Earthquakes, floods and cyberthreats top the list of potential dangers facing Palo Alto, according to a new report that lays out strategies for dealing with future disasters.
Prepared by the city's Office of Emergency Services with assistance from the consulting firm Dewberry, the report lists the leading threats that the city can expect to face in the years ahead and recommends strategies for addressing these threats. Known as the "Threat Hazard Identification and Risk Assessment," the report "will be used to inform ongoing planning efforts throughout the city," according to a staff report the City Council will consider Monday, Sept. 22.
"A continuous cycle of assessing capabilities, plans, and programs and incorporating the results into future THIRAs allows a jurisdiction to manage changes to its risk landscape," the report states. "It also provides the means to educate and update individuals, families, businesses, organizations, community leaders, and senior officials on the risks facing a community."
To determine Palo Alto's emergency-prevention priorities, the city and its consultants listed a menu of potential disasters, in various categories, and asked a committee of stakeholders to score each disaster based on its likelihood to occur in Palo Alto. The committee included staff from various city departments as well as officials from Stanford University, the Menlo Park Fire Protection District, Palo Alto Medical Foundation and members of surrounding law-enforcement agencies.
When it comes to natural disasters, earthquakes, floods and severe storms were ranked at the top of the list, according to the committee, which scored potential disasters based on both impact and probability. The greatest hazards when it comes to earthquakes, the report states, are associated with "fault rupture" and "ground shaking" though there are also "liquefaction hazards" east of U.S. Highway 101 because of the high water-content of the soil."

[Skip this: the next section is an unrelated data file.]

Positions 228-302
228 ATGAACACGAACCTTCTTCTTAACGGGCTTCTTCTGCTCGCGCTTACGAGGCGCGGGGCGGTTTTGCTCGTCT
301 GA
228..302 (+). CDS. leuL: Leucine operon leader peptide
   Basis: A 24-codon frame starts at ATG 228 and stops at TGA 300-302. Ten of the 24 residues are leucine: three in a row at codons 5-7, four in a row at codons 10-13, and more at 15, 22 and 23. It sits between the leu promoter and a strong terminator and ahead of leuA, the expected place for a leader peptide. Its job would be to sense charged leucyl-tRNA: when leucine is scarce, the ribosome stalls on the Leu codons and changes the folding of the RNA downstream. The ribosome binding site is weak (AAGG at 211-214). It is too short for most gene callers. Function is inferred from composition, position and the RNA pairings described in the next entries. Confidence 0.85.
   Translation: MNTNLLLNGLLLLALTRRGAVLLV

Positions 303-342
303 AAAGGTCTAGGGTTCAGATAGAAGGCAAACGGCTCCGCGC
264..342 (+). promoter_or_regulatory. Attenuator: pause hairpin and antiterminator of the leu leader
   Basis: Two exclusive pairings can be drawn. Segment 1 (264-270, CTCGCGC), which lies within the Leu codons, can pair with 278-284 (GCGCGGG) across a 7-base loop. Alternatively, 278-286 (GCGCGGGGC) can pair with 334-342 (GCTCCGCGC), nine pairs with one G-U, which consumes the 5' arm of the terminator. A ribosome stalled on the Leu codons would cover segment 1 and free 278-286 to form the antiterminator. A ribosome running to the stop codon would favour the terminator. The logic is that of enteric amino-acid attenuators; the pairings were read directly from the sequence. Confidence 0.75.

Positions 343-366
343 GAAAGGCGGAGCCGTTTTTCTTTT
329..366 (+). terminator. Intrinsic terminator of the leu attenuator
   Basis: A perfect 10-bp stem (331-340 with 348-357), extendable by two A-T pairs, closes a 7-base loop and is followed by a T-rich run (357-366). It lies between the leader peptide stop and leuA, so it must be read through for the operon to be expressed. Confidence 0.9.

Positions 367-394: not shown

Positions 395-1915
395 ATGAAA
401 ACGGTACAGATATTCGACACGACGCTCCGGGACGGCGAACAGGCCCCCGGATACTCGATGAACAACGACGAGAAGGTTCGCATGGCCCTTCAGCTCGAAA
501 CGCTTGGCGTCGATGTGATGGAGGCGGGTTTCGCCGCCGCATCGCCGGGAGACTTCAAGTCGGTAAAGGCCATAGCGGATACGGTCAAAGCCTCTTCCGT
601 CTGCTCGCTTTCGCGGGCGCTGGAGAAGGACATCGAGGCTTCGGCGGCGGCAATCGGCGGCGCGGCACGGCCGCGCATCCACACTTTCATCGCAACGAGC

Flooding is also "expected to continue to occur in Palo Alto," particularly tidal flooding from levees near the Baylands and from creeks. The city, along with the entire Bay Area, is also subject to increasing flood risk because of rising sea levels, the report states.
The working group also considered a list of likely technological hazards, with airplane accidents, hazardous-material spills and urban fires deemed the highest threats. In the category of "human-caused threats," meanwhile, the highest threats were in the categories of "major crime," "cyber attack" and "workplace violence."
With cyber attacks, one of the difficulties is that "its origin can be virtually anyone, virtually anywhere," the report states. This includes "bot-network operators" who take over multiple computer systems to coordinate attacks; criminal groups looking to make money; disgruntled organization insiders with unrestricted access to computer data; and hackers who break into networks "for the thrill of the challenge or for bragging rights in the hacker community."
The report notes that given its location in Silicon Valley, Palo Alto is "home to many large companies that could be subject to cyber attack." The city government mitigates this threat by having three three levels of security on its computers to prevent cyber attacks: an anti-virus system on desktops and laptops; a malware protection system for Web and email systems; and a firewall for the IT network. The city also has "access control" measures such as ID cards and badges to prevent unauthorized access to sensitive areas.
The report suggests, however that these measure do not entirely eliminate the threat.
"Humans are the weakest link in a chain of cybersecurity," the threat-assessment report states. "It remains difficult to continuously monitor and manage human/operator vulnerability."
To address this weakness, the report notes, the City has deployed an online security training program, which all employees are required to complete annually.
For each of these disasters, the report lays out the city's current methods for mitigating the threats. It also includes recommendations that the city should adopt to minimize the danger. These include constructing a new public-safety building to replace the small and seismically unsound police headquarters at City Hall; conducting training and emergency-prevention exercises with private-sector entities such as Stanford Industrial Park and Stanford Shopping Center; and "cultivating a culture of preparedness and community connection" through broad outreach to schools, city staff and other community stakeholders.
The report also notes in its conclusion that the city and its local partners "should be commended for the tremendous capabilities currently available to prevent, protect against, mitigate, respond to, and recover from hazards and threats." It lauds the city's partnership with Stanford University, Stanford Hospital and neighboring jurisdictions and for the bountiful opportunities residents have to contribute through volunteer programs such as CERT, the Neighborhood and Block Preparedness and Coordinator program; the Palo Alto Auxiliary Communications Services; and the Palo Alto Medical Reserve Corps.